Boswellia Serrata is another important Ayurvedic herb. It’s rich in Boswellic acid, the ingredient largely responsible for its anti-inflammatory activity. Boswellia is traditionally used for arthritis and this usage is supported by modern research. Animal studies show that Boswellia is a potent 5- lipoxygenase inhibitor, that may give it the potent anti- inflammatory, anti-arthritic benefit.In a study of patients with osteoarthritis of the knee, those on Boswellia had significant improvement in knee pain and joint flexibility. These patients had increased ability to use their knee and were able to walk a longer distance than the individuals on placebo. Although many agents that are helpful with arthritis are irritating to the digestive tract, Boswellia lacks this toxicity. In fact Boswellia serrata has been shown to decrease inflammation in the intestines of individuals with chronic colitis.
Bromelain is a proteolytic enzyme derived from the stem of the pineapple. In a study Bromelain reduced mild acute knee pain in a dose-dependent fashion. Bromelain gave greater relief at higher potencies and also improved the well- being of these patients.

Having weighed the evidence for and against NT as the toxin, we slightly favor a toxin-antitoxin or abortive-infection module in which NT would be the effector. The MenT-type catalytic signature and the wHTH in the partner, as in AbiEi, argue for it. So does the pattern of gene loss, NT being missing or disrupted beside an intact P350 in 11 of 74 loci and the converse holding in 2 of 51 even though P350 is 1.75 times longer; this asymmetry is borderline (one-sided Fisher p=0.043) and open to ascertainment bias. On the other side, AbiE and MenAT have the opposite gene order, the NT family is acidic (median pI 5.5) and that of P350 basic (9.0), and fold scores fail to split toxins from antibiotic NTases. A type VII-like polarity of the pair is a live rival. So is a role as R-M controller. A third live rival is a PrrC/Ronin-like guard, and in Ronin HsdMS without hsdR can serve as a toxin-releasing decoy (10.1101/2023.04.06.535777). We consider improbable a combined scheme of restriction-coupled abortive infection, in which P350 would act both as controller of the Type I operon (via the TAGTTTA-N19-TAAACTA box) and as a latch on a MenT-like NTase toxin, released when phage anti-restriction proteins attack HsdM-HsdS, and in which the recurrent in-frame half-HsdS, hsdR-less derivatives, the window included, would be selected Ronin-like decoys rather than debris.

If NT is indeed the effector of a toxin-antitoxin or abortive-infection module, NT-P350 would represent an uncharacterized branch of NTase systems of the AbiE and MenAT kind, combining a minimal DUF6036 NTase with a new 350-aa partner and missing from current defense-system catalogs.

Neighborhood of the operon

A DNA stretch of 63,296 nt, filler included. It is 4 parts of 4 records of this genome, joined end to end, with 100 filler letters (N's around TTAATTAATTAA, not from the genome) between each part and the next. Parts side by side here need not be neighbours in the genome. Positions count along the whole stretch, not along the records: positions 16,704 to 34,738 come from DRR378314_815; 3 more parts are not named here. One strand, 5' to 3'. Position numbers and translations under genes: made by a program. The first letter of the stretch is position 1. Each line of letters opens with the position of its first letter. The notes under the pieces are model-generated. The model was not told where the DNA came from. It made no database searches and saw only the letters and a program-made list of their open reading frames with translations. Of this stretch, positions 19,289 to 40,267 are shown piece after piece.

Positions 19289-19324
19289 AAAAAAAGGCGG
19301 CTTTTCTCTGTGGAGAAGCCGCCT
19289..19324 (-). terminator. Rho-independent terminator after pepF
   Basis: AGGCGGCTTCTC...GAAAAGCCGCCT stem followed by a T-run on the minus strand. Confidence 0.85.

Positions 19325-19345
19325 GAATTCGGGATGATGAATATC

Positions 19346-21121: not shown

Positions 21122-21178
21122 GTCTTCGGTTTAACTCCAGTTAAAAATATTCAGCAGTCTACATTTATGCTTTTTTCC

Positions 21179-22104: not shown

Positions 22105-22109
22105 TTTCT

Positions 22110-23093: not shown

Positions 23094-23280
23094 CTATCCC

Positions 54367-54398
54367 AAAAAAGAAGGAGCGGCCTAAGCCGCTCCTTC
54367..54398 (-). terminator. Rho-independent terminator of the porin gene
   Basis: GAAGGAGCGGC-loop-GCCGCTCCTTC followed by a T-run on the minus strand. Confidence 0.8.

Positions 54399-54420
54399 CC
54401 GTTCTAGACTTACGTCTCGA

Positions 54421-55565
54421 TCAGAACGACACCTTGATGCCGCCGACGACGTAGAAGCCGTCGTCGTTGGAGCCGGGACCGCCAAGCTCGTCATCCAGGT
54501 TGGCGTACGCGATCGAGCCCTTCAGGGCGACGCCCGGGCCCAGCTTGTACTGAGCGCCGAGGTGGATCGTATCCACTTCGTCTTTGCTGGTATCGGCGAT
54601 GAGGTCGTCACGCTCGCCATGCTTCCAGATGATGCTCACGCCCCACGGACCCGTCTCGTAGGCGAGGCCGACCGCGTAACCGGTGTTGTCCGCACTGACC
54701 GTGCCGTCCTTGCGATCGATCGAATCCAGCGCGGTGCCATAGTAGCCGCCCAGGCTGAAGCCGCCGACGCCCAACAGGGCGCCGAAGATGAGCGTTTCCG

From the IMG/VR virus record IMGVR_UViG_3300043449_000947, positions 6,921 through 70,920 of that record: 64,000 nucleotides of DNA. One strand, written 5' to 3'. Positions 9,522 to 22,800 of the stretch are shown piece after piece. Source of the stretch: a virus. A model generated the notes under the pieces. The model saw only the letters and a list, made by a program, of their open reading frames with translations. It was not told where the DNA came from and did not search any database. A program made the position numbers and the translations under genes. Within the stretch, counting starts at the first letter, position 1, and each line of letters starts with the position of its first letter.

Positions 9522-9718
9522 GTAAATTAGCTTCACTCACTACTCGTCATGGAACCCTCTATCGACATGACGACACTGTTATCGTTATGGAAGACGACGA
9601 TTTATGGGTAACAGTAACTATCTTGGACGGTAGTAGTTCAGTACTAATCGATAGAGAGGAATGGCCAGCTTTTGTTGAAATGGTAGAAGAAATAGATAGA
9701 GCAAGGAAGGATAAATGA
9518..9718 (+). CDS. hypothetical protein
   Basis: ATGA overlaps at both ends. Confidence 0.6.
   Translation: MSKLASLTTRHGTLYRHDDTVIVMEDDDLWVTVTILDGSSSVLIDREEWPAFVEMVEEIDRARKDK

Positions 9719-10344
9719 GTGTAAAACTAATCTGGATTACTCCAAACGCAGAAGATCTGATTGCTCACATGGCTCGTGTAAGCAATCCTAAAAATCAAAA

Other Supportive Nutrients
MSM, a derivative of onions, has been shown in animal studies to decrease inflammation. Ongoing research shows that MSM has anti- inflammatory and possibly anti- allergy activity. In a recent study, MSM greatly reduced the symptoms and need for chiropractic care in patients with acute athletic injuries versus those on placebo.
Horsetail Rush grows naturally in Europe. Horsetail supplies silicic acid, an ingredient that has been shown to help with post-traumatic swelling. The German Regulatory Commission approved the use of Horsetail to aid poorly healing wounds. Recently, researchers reported that Horsetail helps to strengthen and regenerate connective tissue; a process necessary for improving the health of arthritic joints.
The Last Word on Nutrition, Herbs and Arthritis
The reviewed nutrients have slightly different mechanisms of action. It is the opinion of numerous health experts, that these nutrients and herbs can be used synergistically for a better outcome and resolution of a condition. Substantive scientific studies are demonstrating that many of these ingredients could and should be used in combination to aid individuals with arthritis.
Assisting Scientific Director and Pharmacist Jerry Hickey is a team of nutritional professionals - a group of hand chosen, dedicated experts, available at each and every InVite® Health retail location - there to provide you with a FREE, personalized, and professional nutritional consultation. Visit an InVite® Health retail location near you for assistance in selecting the correct nutrients to address your health concerns.